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The Star Chamber

The Star Chamber

The Star Chamber is a land sculpture conceived by artist Chris Drury. With the help of Dyer Observatory staff and many generous volunteers, the construction of the Star Chamber was completed over 29 days during October 2006. Over 200 tons of native limestone from a construction project on the Vanderbilt University campus were donated and hauled to Dyer. The notched logs forming the interior room are from the Star Chamber site itself. There are no nails or spikes holding it together.

The outer rock arms are meant to represent the spiral arms of a galaxy, and the chamber itself forms the central galactic bulge.  After entering the chamber, give yourself several minutes for your eyes to adapt to the darkness. After a minute or two you will begin to see shapes on the walls that will gradually become more visible as your eyes become more dark-adapted. The sky and horizon will be projected around the chamber as light enters the quarter-size hole in the center of the ceiling.  The Star Chamber is a camera-obscura, otherwise known as a pinhole camera.  The images projected by the small hole are upside-down and backwards, just as images are formed by telescopes and your own eyes!

A view from inside the Star Chamber on a cloudy summer day.

A second hole drilled in the top plate, visible from interior of the chamber, allows a spot of light to be projected on the inner wall (opposite the entrance) and floor around noon each day.  By marking this spot precisely at noon (or 1pm during Daylight Savings Time), the chamber becomes a sundial.  The spot will trace out the shape of a Figure-8, known as an analemma, over the course of a year.  This shape results from Earth’s axial tilt and changing orbital velocity.  If you look along the northern inner wall, you will notice small brass pins that have been embedded in the concrete – these mark dates that observations were made.  In addition, keep in mind that even the analemma is projected upside-down, which will cause the summer solstice position to be at the bottom of the analemma (on the floor) and the winter solstice position to be near the top of the analemma (near the top of the wall).

This is presently the only such installation of a camera-obscura and sundial in the world.  Combined with the solstice and equinox stones that are located just to the north of the Star Chamber, one can gauge the season and time of year just as ancient peoples did.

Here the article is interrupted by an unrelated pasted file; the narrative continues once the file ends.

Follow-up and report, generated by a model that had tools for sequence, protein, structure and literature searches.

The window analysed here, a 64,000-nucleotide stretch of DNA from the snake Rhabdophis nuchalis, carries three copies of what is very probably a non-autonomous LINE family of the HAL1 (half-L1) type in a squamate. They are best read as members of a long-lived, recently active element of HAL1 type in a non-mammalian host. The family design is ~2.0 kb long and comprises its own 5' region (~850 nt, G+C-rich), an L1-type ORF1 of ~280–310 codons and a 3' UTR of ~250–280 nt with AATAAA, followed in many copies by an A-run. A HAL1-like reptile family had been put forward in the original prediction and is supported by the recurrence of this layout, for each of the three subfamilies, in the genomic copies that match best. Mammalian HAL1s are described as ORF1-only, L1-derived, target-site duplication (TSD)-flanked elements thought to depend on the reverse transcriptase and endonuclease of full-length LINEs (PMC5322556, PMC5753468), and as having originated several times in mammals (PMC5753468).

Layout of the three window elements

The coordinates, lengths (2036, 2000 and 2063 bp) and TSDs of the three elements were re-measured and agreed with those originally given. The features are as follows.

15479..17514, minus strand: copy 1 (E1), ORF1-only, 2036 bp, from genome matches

More photos are available on our Gallery page.

The Solstice & Equinox Stones

The Solstice and Equinox Rising Stones. The corresponding setting stones would be behind the observer.

As you near the sculpture you will see several upright stones.  These stones are used to determine the rising and setting positions of the Sun on the solstices and equinoxes.  Site from the center alignment stone over the tops of the eastern rising stones (to your left if you face the Star Chamber) or the tops of the western setting stones (to your right if you face the Star Chamber).  The points marked by the northernmost rising and setting stones show the where the Sun will rise and set on the first day of summer, otherwise known as the summer solstice. The points marked by the southernmost rising and setting stones show the where the Sun will rise and set on the first day of winter, which is known as the winter solstice. And the points indicated by the middle stones, which mark due east and west, signify where the Sun will rise and set on both the vernal and autumnal equinoxes, the first days of spring and fall, respectively.

The orbit of the Earth around the Sun as viewed from above.

The solstice stones are set about 47° apart, which is how far the Sun’s rising and setting positions vary over the course of six months as we go from one solstice to another.  This change in position is due to Earth’s tilt of 23.5° (23.5° + 23.5° = 47°).  If Earth were straight up and down on its axis as it orbited the Sun, the Sun’s rising and setting position would be due east and west, the Sun would reach the same altitude at noon throughout the year, and we would not experience seasonal changes.  Contrary to popular belief, our seasons are NOT caused by our changing distance from the Sun.  While it is true that Earth does vary in distance from the Sun by about three million miles over the course of the year, Earth is actually closest to the Sun while the northern hemisphere experiences winter.

If you are interested in visiting the Star Chamber, then you can find more information here on how to arrange a grounds visit.